Setting Up the Advantage—Selecting Strikes

A ratio-spread involves selecting two different call option strikes in the same month of expiration. Selecting the lower strike first is pretty much an art form, and it’s more than a little dicey. In the best of all possible ratiospreads,
we’d love to see the market move up to or somewhat above the lower strike with just a week or two left until expiration. When this occurs (rarely), we will pocket a profit on both sides of the spread, which is always a lot of fun.

We do want to leave some small chance for this result to happen,while at the same time leaving only the most miniscule statistical possibility that the market will go as far as the upper strike until we’ve defended/adjusted our position satisfactorily. Clearly, the wider the price differential between the two strikes of our trade, the more relatively likely this double profit will be, although it won’t (or at least shouldn’t) ever be a statistically likely outcome when we enter the trade.

The rule here is safety first, then a dash of opportunism when and as available.The better way to select our strikes is to choose the upper strike first.Set it at the maximum distance away from the current market price, consistent with our goals for ROC. One good way to locate a promising upper strike is to set up a dummy account in the PC-SPAN program. Then, begin the selection process by examining the highest WTBOOM strike in the options price table for a particular month that has a net premium of $150–200 (or more, of course, as in the coffee example), typically expiring in 4 or 5 months.

Next, scan back down the table until reaching a strike having a net premium of 2 to 3 times the net premium of the upper strike option. We definitely must include commission cost when evaluating these strikes, for the calls that we’ll write in this strategy will not ordinarily have super-high dollar premiums, and the Martian ratio-spread is fairly highly commission intensive compared to other strategies.

Having gotten this far, let’s next check the SPAN initial requirement for a 1-to-4 trade using these two strikes, and multiply that number by 3. If the resultant notional return on capital meets precondition 7, this might be a good opportunity. There are still the other preconditions to check, and in any case the chance that our order(s) will be filled at tonight’s closing prices is virtually nil. If the notional ROC isn’t satisfactory, move the lower striking price up one notch and check the figures again.

If it still isn’t satisfactory, let’s run another analysis based on writing one more call, making the ratio 1-to-5, or adjust the ratio to 2-to-9. Sometimes, we can ratchet the ratio up to 1-to-6, but the option IVs must have fallen off rather sharply from their recent highs before we consider this ratio, as noted in precondition 3.Move the parameters around, check the spreads a month further out, use your imagination in order to find an optimum combination.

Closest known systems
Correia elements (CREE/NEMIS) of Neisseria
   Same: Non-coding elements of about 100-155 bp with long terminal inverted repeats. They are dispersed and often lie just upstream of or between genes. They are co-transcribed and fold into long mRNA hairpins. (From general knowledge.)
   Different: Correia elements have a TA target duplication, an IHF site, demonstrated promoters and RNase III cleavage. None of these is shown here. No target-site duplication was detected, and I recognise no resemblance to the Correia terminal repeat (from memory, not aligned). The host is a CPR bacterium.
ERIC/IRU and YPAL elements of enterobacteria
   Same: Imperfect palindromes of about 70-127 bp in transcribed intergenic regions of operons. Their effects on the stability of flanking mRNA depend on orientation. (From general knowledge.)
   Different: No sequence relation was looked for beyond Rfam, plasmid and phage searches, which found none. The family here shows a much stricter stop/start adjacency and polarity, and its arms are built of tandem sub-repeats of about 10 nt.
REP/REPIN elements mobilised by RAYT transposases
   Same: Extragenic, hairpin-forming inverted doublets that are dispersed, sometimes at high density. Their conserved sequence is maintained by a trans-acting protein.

Typically, I’ll have to run through a dozen or fifteen combinations of strikes and ratios and months in the market I’m examining before either finding a disciplined pair of strikes or deciding this strategy isn’t suitable for this market at this time.Conditions 3 and 4, concerning option IVs, are a bit redundant. Martian ratio-spreads aren’t about picking tops, though, and we must insist on seeing at least the start of a decline in the market’s volatility, preferably

accompanied by some sort of modest downmove in the price, before using this strategy.The behavior of this market’s options’ IVs won’t follow a hard-andfast pattern. Sometimes IVs fall out of bed immediately when SV begins to decline, sometimes they stick around at lofty levels for awhile, sometimes they move down in tandem with IV as the

market declines. When the IVs are toward the high end of their 6-month range, we’ll probably be able to establish a good ratio-spread having a lower ratio; when they’re not (they’re still relatively high, regardless), we’ll likely have to employ a higher ratio or else pass on the trade.

No matter what ratio and which strikes we ultimately select, if the trade cannot be established at a very clear net credit and with ROC in line with orbetter than required by our precondition, forget about it. When we’re trading to win, the other trader’s dollars start off in our pocket, not ours in his, save in two distinct strategies discussed elsewhere in the text.Precondition 5 is unavoidable.

If you don’t favor trades with a term of three to six months, don’t use this strategy. As mentioned, I’ve never seen a 2-month term in a worthwhile Martian trade. Not to say such a trade can’t occur, but there are better ways to spend your time than looking for shorterterm Martian ratio-spreads, except in the markets having the very highest native volatility. Condition 6 is more vital in this strategy than in others.